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 Post subject: Water your Didj ?
PostPosted: 29.07.2008, 12:07 
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Joined: 24.02.2007, 00:24
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Location: France
Hi there...

Aborigines often (always?) spill water inside their didj, or even drown them totally in water tanks before playing.
That's good for Yidakis ... But what about non-trad sticks ?

> Is this process only useful with raw-wood didjes ?

> Is it useful with oiled didjes ? And what about varnished didjes ?

> If the didj is varnished on the outside and raw inside... may this crack the varnish coat ?

> Does the very first didj humidification on raw (or oiled) wood implicates a regular water-treatment for the whole didj's life ? At what approximate frequency ?

> Is sea (salt) water to avoid ? Is it even, or better than drinkable water ?

Thanks for your advices

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 Post subject: Re: Water your Didj ?
PostPosted: 29.07.2008, 12:14 
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Joined: 20.03.2006, 10:41
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The timbre of the instrument is affected when water is sluiced through the bore. In Arnhem Land this is done before playing to 'ready' the instrument for use and get it 'warmed up'. This may be fine in a hot and humid environment but I would not suggest partaking of this practice outside of such areas as it leads to often fatal cracking.

Far better to oil your instrument which produces a similar effect if you want to treat the bore at all.


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 Post subject: Re: Water your Didj ?
PostPosted: 29.07.2008, 12:25 
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And is watering an oiled didj useful ? Or does the oil atcs exactly like varnish in that case (makes water slip through without impregnating the wood) ?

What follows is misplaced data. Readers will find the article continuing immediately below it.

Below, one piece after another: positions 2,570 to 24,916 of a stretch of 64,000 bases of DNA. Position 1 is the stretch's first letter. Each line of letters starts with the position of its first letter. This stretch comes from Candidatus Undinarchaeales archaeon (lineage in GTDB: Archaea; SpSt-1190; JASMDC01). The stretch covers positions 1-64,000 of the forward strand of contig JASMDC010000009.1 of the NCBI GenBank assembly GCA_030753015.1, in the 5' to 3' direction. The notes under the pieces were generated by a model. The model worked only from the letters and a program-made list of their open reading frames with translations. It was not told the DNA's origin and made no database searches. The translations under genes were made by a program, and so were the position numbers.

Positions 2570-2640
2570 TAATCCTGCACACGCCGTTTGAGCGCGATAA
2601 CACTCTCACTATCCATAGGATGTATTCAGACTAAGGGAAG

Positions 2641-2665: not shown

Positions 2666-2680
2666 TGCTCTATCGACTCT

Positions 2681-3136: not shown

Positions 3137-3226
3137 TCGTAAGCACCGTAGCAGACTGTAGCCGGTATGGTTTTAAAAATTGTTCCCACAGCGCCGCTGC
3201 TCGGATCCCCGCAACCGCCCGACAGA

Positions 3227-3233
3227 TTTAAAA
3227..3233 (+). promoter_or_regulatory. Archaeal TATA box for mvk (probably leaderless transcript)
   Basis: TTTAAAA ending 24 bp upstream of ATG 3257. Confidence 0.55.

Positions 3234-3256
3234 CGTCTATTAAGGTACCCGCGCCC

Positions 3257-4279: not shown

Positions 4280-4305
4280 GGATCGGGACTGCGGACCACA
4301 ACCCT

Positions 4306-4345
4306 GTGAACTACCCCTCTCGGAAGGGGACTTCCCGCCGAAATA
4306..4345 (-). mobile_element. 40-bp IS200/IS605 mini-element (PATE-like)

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 Post subject: Re: Water your Didj ?
PostPosted: 29.07.2008, 12:39 
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There's no point in watering an oiled instrument as the water will simply run off.


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 Post subject: Re: Water your Didj ?
PostPosted: 29.07.2008, 12:46 
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Alright, thanks !

And what about the two last questions ? :oops:

> Does the very first didj humidification on raw wood implicates a regular water-treatment for the whole didj's life ? At what approximate frequency ? (I DO live in a hot and humid place > French Riviera :wink: )

> Is sea (salt) water to avoid ? Is it even, or better than drinkable water ?

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 Post subject: Re: Water your Didj ?
PostPosted: 29.07.2008, 12:53 
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I shouldn't think that the first application of water would warrant any further sluicing. Remember this is done before playing to make the instrument's timbre brighten without having to warm it up.

Salt water would leave a deposit within the bore, but I should think that would be the only difference.

Again, I'll state that I wouldn't suggest pouring water down your didjeridus regardless of your positioning on the coast. In Arnhem Land a new instrument can be created very easily. It's not the same case over here.